“He who overcomes, I will grant to him to sit down with Me on My throne, as I also overcame and sat down with My Father on His throne.”
To reign in this context is to be restored to our original design. To attend to nature, and to one another, in harmony and fellowship with Jesus, our creator. This will be our greatest possible fulfillment. But in order to take the difficult actions required to gain such a reward requires adopting an attitude that is the same as Christ Jesus. Jesus did not need to come to earth and learn obedience to the point of death, even death on a cross. Jesus chose to come to earth, in obedience to His Father.
The immense reward Jesus gained is comprehensive. Jesus’ name, or authority, is above every name. Not just some names. Every name. Not just some knees will bow to Him, every knee will bow. And this does not just apply to one country of earth. And it is not limited to earth alone. Rather, this applies to those who are in heaven and on earth and under the earth. This applies to every sort of creature, in the physical as well as spiritual realm. The recognition will be universal, and every tongue will confess that Jesus Christ is Lord. Jesus will be supreme over all, as a human as well as God. This is because He, as God, became servant to all. And this amazing work will reflect the glory of God the Father.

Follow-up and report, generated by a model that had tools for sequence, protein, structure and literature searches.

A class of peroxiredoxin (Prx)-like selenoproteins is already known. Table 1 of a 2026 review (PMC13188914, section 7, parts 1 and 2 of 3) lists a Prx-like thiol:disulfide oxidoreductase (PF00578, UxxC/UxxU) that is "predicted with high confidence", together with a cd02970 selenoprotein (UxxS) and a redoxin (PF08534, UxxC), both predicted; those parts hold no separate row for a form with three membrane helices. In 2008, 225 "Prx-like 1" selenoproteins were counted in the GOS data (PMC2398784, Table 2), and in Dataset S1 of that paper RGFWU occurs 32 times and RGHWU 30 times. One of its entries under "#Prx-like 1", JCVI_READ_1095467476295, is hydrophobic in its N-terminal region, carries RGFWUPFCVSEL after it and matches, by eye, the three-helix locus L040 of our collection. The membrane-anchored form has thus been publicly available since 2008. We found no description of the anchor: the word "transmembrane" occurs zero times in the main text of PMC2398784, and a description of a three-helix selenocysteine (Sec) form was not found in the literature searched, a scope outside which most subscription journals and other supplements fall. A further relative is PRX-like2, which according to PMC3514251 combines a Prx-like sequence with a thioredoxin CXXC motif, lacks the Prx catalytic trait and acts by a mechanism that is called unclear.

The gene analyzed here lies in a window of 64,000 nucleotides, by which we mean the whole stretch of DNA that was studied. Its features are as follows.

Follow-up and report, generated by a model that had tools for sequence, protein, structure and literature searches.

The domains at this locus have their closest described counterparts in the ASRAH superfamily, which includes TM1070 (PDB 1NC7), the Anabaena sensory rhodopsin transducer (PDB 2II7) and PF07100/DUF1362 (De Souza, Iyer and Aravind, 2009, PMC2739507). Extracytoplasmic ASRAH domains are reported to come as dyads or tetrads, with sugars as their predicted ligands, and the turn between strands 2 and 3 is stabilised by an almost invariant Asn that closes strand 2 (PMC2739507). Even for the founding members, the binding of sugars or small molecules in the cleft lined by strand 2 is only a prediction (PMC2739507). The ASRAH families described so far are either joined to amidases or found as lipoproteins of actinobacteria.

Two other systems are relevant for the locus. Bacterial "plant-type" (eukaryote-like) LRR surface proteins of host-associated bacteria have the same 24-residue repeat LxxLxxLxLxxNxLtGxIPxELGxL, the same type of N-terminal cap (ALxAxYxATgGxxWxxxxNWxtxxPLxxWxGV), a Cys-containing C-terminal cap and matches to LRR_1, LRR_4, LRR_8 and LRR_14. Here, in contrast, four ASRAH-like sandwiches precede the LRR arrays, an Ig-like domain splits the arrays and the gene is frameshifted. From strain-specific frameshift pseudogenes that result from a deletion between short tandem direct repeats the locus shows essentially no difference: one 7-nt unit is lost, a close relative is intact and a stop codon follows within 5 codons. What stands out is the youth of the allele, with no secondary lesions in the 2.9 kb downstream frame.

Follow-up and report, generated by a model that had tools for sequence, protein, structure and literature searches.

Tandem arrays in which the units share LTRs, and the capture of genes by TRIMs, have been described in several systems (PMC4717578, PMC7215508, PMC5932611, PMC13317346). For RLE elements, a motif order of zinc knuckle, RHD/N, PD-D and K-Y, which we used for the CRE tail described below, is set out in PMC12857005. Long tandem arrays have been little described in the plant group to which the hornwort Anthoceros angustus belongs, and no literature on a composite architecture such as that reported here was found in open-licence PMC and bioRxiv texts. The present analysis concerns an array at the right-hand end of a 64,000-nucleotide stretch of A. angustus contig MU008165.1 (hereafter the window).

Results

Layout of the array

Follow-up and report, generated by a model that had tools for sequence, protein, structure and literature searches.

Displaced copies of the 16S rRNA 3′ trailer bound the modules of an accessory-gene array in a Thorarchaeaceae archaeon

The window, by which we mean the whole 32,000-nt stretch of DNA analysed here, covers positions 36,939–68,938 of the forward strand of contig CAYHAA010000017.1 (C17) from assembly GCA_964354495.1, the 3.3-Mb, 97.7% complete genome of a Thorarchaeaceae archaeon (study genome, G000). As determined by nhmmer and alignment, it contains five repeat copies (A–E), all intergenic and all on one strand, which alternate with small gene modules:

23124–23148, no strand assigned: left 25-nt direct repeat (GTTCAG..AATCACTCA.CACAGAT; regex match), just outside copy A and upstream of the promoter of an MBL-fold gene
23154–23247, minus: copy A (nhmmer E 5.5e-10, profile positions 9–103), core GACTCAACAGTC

5 Have this attitude in yourselves which was also in Christ Jesus, 6 who, although He existed in the form of God, did not regard equality with God a thing to be grasped, 7 but emptied Himself, taking the form of a bond-servant, and being made in the likeness of men. 8 Being found in appearance as a man, He humbled Himself by becoming obedient to the point of death, even death on a cross. 9 For this reason also, God highly exalted Him, and bestowed on Him the name which is above every name, 10 so that at the name of Jesus every knee will bow, of those who are in heaven and on earth and under the earth, 11 and that every tongue will confess that Jesus Christ is Lord, to the glory of God the Father.